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Murder by Pushing: An Exploratory Analysis of Homicidal Falls From a Height

Ferguson, Claire, PhD; Sutherland, Tiffany, BA

The American Journal of Forensic Medicine and Pathology: September 2018 - Volume 39 - Issue 3 - p 192–200
doi: 10.1097/PAF.0000000000000386
Original Articles

The difficulty in classifying manner of death in falls from a height provides offenders an opportunity to avoid detection by having a homicide appear otherwise. Twelve fall homicides were qualitatively examined. Results showed that most homicidal falls occurred at remote outdoor locations, were planned by offenders who were in controlling intimate relationships with the victim, and were motivated by gain. Homicide was established using inconsistencies in offender's statements and the physical evidence, inappropriate postoffense behavior, evidence of planning, and improbable alleged victim behavior. Fall homicides pose unique challenges for investigators and may negatively impact on the criminal justice process.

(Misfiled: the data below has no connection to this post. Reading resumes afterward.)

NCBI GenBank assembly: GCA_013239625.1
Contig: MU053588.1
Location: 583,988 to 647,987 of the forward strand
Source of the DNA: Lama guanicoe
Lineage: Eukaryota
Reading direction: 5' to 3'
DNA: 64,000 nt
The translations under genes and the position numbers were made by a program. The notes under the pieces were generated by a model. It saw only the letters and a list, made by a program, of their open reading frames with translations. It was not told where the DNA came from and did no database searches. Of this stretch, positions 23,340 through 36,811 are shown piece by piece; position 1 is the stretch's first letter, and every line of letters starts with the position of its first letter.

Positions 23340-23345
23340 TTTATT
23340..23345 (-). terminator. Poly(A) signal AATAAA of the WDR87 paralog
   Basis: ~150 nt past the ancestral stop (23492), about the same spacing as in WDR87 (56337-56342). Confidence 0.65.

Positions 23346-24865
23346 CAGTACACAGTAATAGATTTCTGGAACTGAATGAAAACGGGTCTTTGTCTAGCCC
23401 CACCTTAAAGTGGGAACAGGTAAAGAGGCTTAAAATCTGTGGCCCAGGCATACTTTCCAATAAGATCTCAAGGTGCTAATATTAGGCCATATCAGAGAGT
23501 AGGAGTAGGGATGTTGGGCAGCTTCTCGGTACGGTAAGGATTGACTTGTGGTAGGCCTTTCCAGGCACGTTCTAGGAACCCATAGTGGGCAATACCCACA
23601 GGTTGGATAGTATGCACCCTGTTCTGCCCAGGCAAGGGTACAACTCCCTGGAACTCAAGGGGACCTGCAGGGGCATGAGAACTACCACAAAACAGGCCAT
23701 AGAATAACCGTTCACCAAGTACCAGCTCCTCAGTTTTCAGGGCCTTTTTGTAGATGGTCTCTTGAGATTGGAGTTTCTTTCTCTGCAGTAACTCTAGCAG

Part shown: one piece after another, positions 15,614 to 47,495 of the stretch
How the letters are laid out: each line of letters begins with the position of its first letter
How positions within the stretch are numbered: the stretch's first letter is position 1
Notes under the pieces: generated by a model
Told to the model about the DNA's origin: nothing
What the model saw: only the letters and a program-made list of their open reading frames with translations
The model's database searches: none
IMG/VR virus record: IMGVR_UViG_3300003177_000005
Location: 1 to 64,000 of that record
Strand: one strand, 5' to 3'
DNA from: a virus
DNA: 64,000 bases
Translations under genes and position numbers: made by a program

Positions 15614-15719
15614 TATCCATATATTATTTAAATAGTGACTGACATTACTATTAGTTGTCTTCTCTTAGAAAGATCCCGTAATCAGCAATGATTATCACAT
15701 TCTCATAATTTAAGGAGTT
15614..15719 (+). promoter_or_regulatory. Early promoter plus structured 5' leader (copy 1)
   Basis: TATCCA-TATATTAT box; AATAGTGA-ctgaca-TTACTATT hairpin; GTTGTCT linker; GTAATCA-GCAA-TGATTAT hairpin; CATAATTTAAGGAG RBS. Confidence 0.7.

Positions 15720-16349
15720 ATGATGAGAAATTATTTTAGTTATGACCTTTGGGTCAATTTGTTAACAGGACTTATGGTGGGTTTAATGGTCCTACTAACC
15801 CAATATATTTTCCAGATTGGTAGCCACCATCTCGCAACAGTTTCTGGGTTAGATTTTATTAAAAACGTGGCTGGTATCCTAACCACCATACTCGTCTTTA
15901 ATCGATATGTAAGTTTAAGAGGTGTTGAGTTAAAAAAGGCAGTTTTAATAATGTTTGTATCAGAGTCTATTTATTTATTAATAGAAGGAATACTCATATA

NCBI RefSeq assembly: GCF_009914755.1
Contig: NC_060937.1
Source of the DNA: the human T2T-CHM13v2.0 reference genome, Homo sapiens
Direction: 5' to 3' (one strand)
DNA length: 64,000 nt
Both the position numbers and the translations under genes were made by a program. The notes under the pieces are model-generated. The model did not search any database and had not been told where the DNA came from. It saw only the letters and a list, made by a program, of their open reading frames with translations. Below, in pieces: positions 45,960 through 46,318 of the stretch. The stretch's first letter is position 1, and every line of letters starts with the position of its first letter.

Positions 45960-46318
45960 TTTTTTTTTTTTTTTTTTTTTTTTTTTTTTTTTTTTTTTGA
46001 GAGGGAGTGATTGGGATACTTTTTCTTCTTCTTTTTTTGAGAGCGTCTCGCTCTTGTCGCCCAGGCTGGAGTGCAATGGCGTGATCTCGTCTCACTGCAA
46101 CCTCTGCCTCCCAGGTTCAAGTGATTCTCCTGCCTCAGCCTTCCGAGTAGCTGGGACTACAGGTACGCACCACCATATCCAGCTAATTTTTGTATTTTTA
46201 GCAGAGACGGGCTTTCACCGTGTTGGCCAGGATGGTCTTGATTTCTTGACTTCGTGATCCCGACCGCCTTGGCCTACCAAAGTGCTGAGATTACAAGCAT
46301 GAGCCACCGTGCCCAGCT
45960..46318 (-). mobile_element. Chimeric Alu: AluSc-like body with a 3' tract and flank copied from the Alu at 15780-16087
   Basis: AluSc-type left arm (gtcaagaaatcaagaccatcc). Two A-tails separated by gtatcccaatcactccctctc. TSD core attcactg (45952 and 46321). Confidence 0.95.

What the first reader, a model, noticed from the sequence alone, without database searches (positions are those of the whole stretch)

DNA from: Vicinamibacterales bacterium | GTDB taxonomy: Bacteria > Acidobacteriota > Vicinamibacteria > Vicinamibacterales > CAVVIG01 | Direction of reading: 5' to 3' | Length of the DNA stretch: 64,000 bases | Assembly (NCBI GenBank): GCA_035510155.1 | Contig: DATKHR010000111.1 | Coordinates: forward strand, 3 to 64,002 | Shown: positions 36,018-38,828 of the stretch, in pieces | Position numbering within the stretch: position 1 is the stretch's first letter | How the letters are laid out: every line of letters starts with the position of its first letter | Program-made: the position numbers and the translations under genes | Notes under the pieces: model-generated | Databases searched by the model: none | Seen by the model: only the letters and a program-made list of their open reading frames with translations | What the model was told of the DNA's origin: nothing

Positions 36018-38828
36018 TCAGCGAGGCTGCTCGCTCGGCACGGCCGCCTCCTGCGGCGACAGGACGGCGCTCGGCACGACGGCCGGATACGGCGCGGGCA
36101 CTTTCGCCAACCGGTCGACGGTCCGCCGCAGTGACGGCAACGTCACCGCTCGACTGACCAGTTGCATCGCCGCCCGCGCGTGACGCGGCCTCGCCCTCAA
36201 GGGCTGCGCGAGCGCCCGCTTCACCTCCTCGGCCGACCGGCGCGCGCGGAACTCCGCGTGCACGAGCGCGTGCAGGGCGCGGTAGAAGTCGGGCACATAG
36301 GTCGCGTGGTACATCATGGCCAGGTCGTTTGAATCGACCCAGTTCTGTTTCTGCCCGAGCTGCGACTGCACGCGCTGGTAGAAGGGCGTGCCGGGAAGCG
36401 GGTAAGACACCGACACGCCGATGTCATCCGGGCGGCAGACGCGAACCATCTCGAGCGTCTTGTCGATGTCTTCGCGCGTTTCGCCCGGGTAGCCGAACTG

From the School of Justice, Queensland University of Technology, Brisbane, Queensland, Australia.

Manuscript received November 8, 2017; accepted January 2, 2018.

The authors report no conflict of interest.

Reprints: Claire Ferguson, PhD, School of Justice, Queensland University of Technology, 2 George St, Brisbane, Queensland, 4000, Australia. E-mail: claire.ferguson@qut.edu.au.

© 2018 by Lippincott Williams & Wilkins.